One of the most popular topics on the Internet is Hidden Cameras. Many people are concerned about the invasion of privacy caused by the increasing number of surveillance cameras that are almost everyywhere you look. These video cameras capture us as we move around in public places or drive our automobiles along the public roads.
Surprisingly people do not seem to be aware that, in a sense, there are even more hidden cameras on the Internet. Indeed you might even see the whole Internet as one huge video camera capturing the activities of its users. Every file or image you request is indelibly recorded in records that are always available for scrutiny to those with access. If you’re walking around you leave footprints. Sometimes they’re tough to see and usually they’ll get obliterated by others who pass that way. Not so with the footprints that you leave as you journey on the Internet. They will persist with the same clarity as the moment you left them there.
That’s why it’s not difficult to agree with the US judge who, according to the BBC, is inclined to order internet giant Google to turn over some data sought by the US government. The US Justice Department had called for Google to hand over a week’s worth of search records. The Justice Department says it needs access to Google search records to help prevent access to online pornography. Judge James Ware told a hearing in California that he would weigh the government’s need to gather data against the privacy of Google users. Interestingly, Google has made its primary argument that complying with the request would compromise its business. MSN and Yahoo! who would seem to have less to lose have already complied with the DOJ’s request.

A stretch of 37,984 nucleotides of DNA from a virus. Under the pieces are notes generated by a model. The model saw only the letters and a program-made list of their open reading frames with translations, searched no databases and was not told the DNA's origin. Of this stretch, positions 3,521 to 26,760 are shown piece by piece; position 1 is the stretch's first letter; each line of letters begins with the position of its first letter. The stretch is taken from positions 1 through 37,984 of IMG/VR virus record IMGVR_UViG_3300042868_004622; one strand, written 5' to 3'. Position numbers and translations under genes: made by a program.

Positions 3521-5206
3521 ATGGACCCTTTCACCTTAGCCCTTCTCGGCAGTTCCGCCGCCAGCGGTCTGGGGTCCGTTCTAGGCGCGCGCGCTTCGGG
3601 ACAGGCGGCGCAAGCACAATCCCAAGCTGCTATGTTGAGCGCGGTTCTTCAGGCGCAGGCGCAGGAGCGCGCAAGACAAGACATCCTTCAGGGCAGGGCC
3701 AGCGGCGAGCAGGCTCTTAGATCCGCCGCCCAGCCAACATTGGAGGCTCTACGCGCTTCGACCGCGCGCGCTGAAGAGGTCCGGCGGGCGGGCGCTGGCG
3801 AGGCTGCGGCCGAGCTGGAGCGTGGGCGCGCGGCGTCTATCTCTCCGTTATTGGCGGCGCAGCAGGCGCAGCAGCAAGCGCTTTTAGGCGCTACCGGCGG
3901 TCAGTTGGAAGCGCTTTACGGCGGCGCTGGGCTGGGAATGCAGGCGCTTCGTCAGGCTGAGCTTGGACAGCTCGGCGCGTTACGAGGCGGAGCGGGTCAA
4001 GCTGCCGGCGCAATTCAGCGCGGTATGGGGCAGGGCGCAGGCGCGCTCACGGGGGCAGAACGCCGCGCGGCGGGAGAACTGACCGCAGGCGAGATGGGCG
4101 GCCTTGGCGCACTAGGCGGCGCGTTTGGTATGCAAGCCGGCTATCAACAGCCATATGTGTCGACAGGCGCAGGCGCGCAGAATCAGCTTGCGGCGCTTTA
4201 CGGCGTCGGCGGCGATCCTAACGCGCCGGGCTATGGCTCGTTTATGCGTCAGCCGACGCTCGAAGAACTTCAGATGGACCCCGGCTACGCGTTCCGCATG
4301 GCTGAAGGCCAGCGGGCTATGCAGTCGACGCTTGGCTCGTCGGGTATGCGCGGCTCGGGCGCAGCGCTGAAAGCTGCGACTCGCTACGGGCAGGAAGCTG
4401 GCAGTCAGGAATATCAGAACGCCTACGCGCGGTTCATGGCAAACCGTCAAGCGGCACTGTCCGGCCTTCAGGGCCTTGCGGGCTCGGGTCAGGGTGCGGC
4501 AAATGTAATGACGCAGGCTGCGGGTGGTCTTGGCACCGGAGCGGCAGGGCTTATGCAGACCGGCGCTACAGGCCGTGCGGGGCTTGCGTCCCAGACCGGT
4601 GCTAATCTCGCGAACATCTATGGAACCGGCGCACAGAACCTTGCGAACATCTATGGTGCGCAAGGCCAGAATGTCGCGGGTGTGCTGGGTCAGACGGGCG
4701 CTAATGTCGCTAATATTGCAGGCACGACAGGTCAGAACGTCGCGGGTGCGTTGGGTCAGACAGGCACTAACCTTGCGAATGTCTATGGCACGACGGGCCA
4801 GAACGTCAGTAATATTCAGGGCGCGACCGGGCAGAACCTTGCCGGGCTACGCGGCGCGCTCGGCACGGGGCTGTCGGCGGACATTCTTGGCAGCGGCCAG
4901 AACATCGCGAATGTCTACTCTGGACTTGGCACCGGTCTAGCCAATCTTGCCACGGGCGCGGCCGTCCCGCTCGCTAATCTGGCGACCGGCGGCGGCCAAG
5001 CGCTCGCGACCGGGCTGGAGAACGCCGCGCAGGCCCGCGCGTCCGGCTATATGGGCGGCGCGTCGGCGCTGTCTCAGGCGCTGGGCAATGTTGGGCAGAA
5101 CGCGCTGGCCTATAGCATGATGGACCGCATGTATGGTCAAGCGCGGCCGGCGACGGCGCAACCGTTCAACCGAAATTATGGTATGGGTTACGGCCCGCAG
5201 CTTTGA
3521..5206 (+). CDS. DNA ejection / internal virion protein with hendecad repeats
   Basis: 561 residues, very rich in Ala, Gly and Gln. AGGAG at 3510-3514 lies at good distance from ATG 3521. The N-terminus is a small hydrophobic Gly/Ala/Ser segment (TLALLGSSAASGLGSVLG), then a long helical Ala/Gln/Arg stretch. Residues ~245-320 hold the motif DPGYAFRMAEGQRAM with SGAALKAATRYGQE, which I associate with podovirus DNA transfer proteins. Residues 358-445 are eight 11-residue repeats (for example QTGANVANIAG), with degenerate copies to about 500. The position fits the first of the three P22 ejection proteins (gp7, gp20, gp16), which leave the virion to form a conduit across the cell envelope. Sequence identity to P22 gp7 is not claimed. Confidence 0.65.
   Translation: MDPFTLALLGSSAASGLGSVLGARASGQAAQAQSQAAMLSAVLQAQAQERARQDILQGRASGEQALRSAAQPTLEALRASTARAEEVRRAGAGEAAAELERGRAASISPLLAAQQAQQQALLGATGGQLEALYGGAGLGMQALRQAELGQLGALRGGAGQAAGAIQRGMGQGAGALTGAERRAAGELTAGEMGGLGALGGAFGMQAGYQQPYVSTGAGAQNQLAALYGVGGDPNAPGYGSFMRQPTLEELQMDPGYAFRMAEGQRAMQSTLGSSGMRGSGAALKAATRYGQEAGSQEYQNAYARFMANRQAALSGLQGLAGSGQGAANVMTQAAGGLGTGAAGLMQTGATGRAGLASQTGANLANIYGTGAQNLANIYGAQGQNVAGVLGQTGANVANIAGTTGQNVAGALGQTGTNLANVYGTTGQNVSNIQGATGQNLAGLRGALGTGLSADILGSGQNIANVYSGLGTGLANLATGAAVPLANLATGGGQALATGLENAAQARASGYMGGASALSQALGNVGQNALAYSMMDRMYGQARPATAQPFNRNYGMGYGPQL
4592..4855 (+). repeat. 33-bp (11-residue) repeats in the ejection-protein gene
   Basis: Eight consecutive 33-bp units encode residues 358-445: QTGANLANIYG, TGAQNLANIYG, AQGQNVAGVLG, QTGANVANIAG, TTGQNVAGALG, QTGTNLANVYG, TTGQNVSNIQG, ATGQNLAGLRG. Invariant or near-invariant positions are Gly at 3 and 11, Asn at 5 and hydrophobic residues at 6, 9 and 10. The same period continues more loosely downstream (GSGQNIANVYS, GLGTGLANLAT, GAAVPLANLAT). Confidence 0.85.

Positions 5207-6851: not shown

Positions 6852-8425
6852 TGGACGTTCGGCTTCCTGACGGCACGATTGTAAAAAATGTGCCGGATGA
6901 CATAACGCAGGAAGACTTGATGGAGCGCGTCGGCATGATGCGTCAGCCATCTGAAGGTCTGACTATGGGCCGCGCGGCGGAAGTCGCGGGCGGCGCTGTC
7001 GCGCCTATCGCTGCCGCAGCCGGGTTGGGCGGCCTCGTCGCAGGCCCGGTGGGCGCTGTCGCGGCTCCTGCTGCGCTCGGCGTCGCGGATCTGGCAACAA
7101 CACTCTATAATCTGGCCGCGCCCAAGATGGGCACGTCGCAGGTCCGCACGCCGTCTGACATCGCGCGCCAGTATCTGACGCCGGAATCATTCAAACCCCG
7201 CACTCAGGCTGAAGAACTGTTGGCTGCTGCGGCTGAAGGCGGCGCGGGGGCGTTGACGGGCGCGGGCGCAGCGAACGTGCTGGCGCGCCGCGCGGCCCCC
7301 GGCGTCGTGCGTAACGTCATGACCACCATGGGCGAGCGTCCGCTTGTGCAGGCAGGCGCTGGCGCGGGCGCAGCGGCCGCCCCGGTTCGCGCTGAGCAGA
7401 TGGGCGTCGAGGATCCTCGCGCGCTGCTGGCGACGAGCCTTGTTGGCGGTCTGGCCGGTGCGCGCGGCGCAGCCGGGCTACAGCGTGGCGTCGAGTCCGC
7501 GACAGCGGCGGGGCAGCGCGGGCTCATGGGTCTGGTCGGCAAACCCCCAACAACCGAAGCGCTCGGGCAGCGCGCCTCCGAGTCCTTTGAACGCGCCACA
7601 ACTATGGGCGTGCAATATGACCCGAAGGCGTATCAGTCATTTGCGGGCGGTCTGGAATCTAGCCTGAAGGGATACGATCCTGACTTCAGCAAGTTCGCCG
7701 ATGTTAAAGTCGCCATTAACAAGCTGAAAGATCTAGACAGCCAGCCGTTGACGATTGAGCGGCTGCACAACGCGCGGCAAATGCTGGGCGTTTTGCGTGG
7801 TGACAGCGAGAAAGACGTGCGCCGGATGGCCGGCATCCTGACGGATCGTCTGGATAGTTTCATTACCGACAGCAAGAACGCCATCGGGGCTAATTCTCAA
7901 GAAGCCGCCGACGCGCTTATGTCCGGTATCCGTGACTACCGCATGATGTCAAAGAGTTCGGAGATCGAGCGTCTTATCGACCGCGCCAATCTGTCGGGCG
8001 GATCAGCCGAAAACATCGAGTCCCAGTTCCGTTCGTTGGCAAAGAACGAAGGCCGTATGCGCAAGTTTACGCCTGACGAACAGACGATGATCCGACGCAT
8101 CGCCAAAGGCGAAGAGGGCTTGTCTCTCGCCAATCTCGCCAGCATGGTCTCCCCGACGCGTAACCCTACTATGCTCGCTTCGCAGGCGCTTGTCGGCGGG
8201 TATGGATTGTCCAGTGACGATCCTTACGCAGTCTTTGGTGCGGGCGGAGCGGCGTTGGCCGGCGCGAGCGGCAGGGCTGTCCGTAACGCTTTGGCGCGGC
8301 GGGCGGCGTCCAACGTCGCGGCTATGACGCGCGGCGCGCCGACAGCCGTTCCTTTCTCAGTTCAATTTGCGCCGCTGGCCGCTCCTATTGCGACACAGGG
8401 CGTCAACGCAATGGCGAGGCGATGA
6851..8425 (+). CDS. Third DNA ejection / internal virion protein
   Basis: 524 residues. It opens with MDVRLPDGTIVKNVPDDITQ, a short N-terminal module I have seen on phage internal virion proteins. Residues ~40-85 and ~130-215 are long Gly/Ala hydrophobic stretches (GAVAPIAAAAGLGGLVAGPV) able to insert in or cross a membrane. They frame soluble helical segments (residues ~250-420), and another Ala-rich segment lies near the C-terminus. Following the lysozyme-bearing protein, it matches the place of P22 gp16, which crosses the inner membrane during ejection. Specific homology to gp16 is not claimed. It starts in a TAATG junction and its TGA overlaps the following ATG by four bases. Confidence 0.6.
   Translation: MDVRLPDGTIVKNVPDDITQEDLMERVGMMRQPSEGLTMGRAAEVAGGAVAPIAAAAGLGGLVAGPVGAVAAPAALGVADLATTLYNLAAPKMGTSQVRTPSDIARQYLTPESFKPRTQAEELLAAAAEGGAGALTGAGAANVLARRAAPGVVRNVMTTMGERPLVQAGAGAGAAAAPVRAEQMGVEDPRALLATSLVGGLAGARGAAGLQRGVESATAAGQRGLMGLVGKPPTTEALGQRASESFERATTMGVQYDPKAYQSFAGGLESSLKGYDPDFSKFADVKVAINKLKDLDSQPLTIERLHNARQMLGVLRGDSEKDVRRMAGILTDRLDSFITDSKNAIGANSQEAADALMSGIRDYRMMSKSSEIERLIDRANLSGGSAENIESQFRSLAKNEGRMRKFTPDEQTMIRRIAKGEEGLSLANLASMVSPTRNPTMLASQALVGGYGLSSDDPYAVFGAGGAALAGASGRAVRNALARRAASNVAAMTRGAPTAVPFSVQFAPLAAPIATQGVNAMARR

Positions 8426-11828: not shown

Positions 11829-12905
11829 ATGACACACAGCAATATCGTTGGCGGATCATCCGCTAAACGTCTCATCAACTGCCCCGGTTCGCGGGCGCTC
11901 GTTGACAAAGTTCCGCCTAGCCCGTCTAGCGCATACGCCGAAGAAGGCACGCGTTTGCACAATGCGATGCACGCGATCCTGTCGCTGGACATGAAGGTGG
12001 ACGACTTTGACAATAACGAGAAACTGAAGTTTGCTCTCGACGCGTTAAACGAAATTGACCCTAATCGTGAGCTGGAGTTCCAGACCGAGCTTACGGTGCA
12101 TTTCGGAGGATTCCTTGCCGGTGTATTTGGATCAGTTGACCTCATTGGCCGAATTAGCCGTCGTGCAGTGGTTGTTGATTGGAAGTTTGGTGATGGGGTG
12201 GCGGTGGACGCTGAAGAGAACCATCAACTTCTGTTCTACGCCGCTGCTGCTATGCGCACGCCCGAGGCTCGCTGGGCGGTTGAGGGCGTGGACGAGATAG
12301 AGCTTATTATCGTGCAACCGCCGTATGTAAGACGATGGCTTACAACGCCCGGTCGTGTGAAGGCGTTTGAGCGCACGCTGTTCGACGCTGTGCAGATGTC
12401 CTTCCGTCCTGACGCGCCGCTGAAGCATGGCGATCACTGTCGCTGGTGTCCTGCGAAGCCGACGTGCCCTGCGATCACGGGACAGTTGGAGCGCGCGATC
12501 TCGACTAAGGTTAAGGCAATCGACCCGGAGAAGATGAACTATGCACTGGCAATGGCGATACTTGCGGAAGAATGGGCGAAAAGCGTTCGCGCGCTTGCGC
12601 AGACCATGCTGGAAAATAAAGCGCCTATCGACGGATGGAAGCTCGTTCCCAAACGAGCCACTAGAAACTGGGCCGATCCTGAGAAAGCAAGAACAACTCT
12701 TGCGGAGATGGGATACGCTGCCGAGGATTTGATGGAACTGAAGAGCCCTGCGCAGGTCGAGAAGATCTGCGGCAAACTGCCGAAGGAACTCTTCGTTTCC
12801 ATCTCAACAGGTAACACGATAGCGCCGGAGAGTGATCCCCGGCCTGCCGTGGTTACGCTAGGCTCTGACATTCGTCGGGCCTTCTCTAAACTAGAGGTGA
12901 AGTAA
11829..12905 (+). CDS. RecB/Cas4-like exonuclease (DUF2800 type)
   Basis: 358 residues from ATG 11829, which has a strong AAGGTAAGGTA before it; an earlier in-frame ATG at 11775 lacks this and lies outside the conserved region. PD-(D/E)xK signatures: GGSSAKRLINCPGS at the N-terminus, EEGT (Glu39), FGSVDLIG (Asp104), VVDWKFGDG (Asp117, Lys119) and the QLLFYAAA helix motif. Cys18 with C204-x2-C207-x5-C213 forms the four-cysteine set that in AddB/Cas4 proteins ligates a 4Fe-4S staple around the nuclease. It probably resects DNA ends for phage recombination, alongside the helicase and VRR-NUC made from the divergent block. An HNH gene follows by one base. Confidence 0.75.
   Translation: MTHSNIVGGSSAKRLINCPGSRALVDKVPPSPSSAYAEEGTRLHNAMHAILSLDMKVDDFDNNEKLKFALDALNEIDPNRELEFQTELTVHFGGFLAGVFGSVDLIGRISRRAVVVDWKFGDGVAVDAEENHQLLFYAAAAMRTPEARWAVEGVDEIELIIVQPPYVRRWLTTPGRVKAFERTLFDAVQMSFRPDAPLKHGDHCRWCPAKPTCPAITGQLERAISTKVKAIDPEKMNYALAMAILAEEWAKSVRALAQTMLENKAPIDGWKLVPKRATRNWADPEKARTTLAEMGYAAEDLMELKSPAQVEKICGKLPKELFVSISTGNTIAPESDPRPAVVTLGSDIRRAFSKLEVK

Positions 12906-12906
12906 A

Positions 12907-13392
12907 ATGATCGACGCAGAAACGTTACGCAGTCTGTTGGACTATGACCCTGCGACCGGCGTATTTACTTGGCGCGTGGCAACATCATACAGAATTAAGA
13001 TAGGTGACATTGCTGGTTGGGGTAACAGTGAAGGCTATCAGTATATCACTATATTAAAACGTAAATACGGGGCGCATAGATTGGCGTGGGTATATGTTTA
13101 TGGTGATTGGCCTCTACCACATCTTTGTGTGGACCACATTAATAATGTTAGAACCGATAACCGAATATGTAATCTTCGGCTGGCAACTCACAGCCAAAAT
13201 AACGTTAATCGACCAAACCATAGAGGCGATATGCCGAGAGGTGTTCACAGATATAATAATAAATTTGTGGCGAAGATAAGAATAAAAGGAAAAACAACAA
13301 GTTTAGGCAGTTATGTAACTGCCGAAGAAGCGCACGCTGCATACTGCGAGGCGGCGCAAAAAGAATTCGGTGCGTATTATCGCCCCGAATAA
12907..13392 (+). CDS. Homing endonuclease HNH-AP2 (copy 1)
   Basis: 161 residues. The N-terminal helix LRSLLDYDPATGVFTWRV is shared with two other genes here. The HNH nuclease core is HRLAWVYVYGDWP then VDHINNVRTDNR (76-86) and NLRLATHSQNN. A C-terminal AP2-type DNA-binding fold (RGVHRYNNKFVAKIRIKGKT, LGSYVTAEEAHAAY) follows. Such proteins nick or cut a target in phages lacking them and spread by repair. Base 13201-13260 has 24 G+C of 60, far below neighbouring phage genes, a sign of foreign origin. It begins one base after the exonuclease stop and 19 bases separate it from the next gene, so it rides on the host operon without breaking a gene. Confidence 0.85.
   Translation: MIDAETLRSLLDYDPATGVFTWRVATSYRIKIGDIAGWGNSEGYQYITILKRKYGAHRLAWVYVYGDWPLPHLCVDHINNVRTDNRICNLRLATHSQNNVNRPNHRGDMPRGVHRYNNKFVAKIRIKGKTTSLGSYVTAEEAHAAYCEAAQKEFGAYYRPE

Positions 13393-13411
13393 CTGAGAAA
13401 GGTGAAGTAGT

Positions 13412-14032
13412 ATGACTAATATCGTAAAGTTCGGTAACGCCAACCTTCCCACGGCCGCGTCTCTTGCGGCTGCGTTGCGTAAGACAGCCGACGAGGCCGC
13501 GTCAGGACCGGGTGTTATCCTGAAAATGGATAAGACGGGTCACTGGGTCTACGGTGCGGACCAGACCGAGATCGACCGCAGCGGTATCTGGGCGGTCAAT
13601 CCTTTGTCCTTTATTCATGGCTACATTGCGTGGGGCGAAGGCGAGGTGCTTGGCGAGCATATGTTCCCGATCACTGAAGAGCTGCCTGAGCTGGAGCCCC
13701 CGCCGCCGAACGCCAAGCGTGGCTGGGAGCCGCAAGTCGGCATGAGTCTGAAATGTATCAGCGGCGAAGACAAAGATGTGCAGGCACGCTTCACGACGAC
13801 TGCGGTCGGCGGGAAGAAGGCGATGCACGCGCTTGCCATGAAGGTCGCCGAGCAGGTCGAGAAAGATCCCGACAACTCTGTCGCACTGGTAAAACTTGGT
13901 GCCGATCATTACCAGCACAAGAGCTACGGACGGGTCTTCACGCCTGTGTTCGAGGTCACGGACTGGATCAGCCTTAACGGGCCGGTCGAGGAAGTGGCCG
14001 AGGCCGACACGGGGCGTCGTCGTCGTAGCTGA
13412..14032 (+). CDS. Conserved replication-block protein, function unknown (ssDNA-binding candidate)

The Internet is a public place. You have free access to be there and to use it. Surely your comings and goings there should not have any greater privacy rights than your comings and goings as recorded on that video camera in the shopping mall. In both cases, you should be aware of the situation and govern your actions accordingly.